During the Civil Rights movement in 1963, Bernie Sanders got arrested to protest housing segregation and traveled to the March on Washington to hear Dr. Martin Luther King speak. Meanwhile, Hillary Clinton spent the year as an “active young Republican and, later, a Goldwater girl.” Barry Goldwater, recall, voted against the Civil Rights Act, and Hillary now claims that she never actually voted for Goldwater. But the comparison remains.
Throughout his political career, Sanders has consistently championed racial equality and fought poverty and income disparity, two economic scourges that hurt blacks worse than anyone else.
But, as First Lady, Clinton pushed hard for her husband’s 1994 crime bill, which accelerated mass incarceration of blacks. Though she and Bill now admit it went too far, neither have proposed actually doing something to fix it, like letting those sentenced under the law out of prison, for example.
Hillary Clinton also has backed so-called welfare reform, which drastically increased extreme poverty, especially among blacks.
And, while running for president in 2008, Hillary was the only candidate who said she wouldn’t end the crack and powder cocaine sentencing disparity.
Bottom line: Hillary Clinton is essentially a Republican.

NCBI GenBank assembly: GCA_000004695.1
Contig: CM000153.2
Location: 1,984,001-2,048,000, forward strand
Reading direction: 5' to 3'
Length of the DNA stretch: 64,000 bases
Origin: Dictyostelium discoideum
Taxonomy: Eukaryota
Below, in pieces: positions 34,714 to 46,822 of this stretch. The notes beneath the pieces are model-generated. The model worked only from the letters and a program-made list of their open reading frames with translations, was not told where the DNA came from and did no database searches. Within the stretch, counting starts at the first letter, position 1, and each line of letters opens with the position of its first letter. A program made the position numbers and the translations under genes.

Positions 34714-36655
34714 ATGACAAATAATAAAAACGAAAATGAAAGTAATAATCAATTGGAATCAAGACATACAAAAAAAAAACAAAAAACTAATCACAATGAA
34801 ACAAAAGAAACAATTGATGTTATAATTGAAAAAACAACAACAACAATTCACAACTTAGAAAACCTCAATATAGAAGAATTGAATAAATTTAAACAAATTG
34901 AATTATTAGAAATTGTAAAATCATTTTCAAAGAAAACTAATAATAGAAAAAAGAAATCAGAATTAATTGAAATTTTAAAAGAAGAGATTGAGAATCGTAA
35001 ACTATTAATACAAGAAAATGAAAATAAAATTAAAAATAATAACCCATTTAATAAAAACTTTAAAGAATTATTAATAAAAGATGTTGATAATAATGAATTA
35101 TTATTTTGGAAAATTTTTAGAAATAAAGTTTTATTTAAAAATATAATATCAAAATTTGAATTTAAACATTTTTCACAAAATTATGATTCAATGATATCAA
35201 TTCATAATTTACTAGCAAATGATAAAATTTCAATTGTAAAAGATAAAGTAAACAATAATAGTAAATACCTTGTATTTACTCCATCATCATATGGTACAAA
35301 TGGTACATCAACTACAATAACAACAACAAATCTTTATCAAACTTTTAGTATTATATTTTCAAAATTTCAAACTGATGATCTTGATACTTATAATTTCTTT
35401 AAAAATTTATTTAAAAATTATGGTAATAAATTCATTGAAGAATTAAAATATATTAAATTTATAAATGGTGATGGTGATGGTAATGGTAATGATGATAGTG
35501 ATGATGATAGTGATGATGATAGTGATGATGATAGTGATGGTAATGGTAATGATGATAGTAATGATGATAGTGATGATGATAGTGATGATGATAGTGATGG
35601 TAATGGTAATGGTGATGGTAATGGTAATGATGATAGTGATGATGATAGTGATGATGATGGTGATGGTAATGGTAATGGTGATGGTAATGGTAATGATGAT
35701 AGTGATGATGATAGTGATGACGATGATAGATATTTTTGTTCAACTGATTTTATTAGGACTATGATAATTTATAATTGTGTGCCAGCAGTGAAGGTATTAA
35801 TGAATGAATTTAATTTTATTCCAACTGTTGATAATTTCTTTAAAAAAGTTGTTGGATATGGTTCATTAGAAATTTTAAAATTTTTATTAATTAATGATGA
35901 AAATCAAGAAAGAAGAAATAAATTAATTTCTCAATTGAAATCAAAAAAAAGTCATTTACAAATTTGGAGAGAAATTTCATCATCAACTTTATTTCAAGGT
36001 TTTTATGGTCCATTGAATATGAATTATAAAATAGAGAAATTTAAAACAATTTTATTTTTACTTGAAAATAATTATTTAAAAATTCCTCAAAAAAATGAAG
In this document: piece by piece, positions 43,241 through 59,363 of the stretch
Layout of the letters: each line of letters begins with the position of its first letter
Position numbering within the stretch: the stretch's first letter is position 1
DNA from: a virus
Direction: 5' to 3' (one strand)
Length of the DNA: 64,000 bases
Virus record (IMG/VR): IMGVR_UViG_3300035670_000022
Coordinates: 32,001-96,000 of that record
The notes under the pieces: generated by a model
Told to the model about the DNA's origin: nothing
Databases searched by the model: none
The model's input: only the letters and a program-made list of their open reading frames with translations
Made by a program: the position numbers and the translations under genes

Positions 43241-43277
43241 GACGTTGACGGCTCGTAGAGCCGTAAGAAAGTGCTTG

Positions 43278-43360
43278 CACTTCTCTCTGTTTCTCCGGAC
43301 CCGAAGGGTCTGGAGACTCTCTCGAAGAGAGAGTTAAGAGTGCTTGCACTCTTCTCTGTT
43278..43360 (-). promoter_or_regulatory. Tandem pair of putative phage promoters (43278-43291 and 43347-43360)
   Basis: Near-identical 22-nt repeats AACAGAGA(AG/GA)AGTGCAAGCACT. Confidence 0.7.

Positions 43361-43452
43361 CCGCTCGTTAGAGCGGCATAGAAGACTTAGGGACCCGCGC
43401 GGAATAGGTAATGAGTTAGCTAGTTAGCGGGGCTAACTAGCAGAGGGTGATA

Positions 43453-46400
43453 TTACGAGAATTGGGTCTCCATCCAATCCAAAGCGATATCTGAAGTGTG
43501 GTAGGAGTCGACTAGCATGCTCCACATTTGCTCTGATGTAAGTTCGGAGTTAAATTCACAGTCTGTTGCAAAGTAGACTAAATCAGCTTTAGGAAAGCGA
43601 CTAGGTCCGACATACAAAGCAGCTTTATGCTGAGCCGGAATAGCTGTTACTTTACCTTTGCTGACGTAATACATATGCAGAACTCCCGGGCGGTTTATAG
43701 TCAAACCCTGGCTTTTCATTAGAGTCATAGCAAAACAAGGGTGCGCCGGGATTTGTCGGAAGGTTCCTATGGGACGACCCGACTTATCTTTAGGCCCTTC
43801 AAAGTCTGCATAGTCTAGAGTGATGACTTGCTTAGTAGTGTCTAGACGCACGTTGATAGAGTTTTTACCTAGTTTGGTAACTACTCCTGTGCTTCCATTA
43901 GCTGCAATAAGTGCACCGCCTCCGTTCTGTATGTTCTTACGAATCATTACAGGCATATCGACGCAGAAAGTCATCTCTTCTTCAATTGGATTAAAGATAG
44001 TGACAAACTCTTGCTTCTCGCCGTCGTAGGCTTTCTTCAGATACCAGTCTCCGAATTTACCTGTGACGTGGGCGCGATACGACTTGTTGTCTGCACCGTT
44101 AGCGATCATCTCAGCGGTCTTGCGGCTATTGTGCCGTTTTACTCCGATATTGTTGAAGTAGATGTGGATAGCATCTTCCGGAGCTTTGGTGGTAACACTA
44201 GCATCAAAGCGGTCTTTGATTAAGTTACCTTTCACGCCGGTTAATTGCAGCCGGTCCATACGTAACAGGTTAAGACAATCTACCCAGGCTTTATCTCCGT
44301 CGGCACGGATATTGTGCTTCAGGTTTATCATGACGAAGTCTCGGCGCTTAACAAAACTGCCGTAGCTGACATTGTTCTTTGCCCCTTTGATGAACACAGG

And since when do blacks vote Republican?
One possible answer to this puzzle is name recognition. Hillary Clinton has been a boldface name in politics since 1993. As recently as September, 38 percent of all Americans had never heard of Bernie Sanders.
But that still doesn’t explain the race gap we are seeing now. After all, Sanders was an obscure figure to the majority of American voters, white and black alike.
Another factor is class. Influenced by Marx, Old Left Democrats like Sanders see racism, sexism and other forms of oppression as subsets of class warfare by ruling elites against the rest of us. But today’s Democrats abandoned class analysis long ago. Now, they’re all about identity politics.
So, even though she’s wealthy, Hillary Clinton is now seen by identity politics devotees as a victim of oppression. Just because she’s a woman.
But even though he is Jewish and squarely middle-class, the same identitarians write off Bernie Sanders as just another privileged white male.
Maybe that is why some black voters relate to her more than the old guy.
Another answer might lie in the ugly zone, so ugly that many of us on the left don’t like to discuss it: black anti-Semitism. According to Anti-Defamation League surveys, anti-Semitism is significantly more widespread among African-American and Latino voters than the population as a whole. Some black voters may be holding Bernie’s Jewishness against him.
Ageism may play a role too: In part thanks to obvious plastic surgery, Hillary, 68, looks younger than Bernie, 74.